Interoperability between micropayment systems is rarely provided let alone addressed. Interoperability is impossible because token-based systems create new currencies - eCoins, scrips, merchant-specific tokens, etc. These currencies do not define exchange rules or rates. Funds represented in one system can hardly be converted into funds of another systems. Some systems need extensions to allow customers to withdraw their money and exchange them back to dollars. Many micropayment schemes require customers to buy specific scrips for each merchant they want to pay. eCash is supposedly a system that offers the possibility to pay anywhere on the Internet. However, eCash licensees cover only the customers and merchants of a particular bank. Customers can only pay merchants that were affiliated to the same bank . Of course limiting the interoperability of one system with another may be a business model, but it makes the concept and practice of micropayments too cumbersome and restrictive. The profit from allowing e-payments to be interchangeable will likely be more beneficial.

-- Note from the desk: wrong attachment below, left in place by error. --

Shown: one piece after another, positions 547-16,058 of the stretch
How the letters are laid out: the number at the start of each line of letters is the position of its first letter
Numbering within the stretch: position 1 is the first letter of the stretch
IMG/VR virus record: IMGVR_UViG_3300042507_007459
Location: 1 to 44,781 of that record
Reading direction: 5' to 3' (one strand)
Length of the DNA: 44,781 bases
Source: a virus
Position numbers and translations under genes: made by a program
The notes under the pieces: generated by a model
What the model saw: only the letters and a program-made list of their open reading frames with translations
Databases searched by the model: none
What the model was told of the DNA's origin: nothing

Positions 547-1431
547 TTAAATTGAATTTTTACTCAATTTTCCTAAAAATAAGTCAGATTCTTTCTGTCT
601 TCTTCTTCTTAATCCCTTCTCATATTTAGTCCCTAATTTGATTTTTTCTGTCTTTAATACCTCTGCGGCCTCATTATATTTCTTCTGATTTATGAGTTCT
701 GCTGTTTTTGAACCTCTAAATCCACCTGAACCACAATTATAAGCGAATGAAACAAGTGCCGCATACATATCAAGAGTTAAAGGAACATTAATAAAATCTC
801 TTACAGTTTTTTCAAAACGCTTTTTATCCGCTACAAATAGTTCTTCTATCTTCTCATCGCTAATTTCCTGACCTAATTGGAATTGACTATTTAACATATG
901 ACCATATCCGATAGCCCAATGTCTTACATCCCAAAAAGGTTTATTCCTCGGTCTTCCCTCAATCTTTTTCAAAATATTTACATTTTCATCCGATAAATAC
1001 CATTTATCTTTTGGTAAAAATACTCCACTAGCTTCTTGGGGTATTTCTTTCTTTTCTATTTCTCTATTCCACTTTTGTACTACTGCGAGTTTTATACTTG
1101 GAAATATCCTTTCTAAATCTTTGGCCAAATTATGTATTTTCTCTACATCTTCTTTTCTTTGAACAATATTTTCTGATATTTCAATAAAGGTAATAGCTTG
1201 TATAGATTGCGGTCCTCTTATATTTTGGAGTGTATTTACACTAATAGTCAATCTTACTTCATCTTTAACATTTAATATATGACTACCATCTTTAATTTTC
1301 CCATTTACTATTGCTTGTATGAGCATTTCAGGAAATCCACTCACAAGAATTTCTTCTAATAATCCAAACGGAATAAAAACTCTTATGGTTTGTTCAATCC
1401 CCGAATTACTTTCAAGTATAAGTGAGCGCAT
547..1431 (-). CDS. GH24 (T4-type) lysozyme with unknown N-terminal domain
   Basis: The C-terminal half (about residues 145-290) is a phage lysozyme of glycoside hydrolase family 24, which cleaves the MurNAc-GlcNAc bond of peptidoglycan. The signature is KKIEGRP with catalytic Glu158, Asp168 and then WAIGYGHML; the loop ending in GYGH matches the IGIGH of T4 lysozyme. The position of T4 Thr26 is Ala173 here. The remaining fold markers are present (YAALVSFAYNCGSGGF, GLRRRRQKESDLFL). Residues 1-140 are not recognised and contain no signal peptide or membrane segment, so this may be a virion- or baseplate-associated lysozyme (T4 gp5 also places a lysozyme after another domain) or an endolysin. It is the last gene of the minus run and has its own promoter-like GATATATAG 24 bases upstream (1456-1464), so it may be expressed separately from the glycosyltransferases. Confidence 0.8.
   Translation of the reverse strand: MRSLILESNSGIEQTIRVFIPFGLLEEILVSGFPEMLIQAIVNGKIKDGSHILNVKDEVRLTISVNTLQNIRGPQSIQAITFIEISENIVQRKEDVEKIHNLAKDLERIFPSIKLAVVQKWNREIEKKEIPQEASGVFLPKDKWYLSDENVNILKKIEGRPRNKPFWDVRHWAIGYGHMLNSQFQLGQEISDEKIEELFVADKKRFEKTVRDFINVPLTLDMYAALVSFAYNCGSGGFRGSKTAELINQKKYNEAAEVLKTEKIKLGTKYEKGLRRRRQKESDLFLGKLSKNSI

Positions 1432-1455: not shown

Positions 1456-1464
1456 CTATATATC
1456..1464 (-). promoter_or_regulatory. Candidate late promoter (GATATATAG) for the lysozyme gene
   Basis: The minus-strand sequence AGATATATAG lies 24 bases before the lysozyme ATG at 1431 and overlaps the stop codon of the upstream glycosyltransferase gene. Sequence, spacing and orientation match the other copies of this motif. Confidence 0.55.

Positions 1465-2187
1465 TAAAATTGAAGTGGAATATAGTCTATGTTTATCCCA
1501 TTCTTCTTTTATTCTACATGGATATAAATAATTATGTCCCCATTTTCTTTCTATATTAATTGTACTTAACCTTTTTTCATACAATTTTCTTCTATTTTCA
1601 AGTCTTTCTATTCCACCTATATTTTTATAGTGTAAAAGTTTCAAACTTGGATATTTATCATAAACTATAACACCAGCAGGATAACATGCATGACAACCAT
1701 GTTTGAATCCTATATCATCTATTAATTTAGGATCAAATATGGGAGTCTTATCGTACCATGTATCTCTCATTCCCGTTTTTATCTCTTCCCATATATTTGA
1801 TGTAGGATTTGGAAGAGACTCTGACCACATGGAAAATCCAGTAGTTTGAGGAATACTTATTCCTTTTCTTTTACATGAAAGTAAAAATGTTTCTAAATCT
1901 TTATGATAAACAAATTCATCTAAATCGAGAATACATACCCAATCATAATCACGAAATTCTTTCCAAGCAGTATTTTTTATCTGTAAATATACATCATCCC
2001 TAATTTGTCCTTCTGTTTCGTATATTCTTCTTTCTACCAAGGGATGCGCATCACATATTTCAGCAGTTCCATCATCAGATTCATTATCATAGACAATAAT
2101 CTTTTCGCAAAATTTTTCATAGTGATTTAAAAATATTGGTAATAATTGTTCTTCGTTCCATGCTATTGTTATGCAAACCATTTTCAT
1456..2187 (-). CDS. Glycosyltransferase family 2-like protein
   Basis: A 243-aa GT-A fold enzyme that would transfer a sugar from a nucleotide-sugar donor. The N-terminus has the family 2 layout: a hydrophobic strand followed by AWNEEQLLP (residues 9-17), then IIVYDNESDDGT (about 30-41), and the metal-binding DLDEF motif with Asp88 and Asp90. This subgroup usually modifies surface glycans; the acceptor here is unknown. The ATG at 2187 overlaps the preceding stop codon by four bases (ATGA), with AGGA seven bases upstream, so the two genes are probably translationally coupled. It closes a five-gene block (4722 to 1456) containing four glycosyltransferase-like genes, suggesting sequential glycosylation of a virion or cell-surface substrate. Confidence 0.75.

Anonymity is an especially interesting requirement in respect of both the user and the implementation of the micropayment systems. Contemporary micropayment schemes have compromised the security by giving full anonymity only to merchants, while the user has only partial anonymity . The deprivation of anonymity eases the traceability of transactions. The possibility to trace one's own transactions can, however, also be seen as an advantage for the customers, since they are interested in a service that allows them to check what they bought using their account. However, even a single micropayment transaction, such as request of adult content, can be uncovered and cause the user inconveniencies. Though totally anonymous micropayment systems would be ideal from the viewpoints of many users, the contemporary payment systems offer only partial anonymity . This may not be a problem in every system, since the users seem to accept the degradation of the security level to be able to purchase goods easily.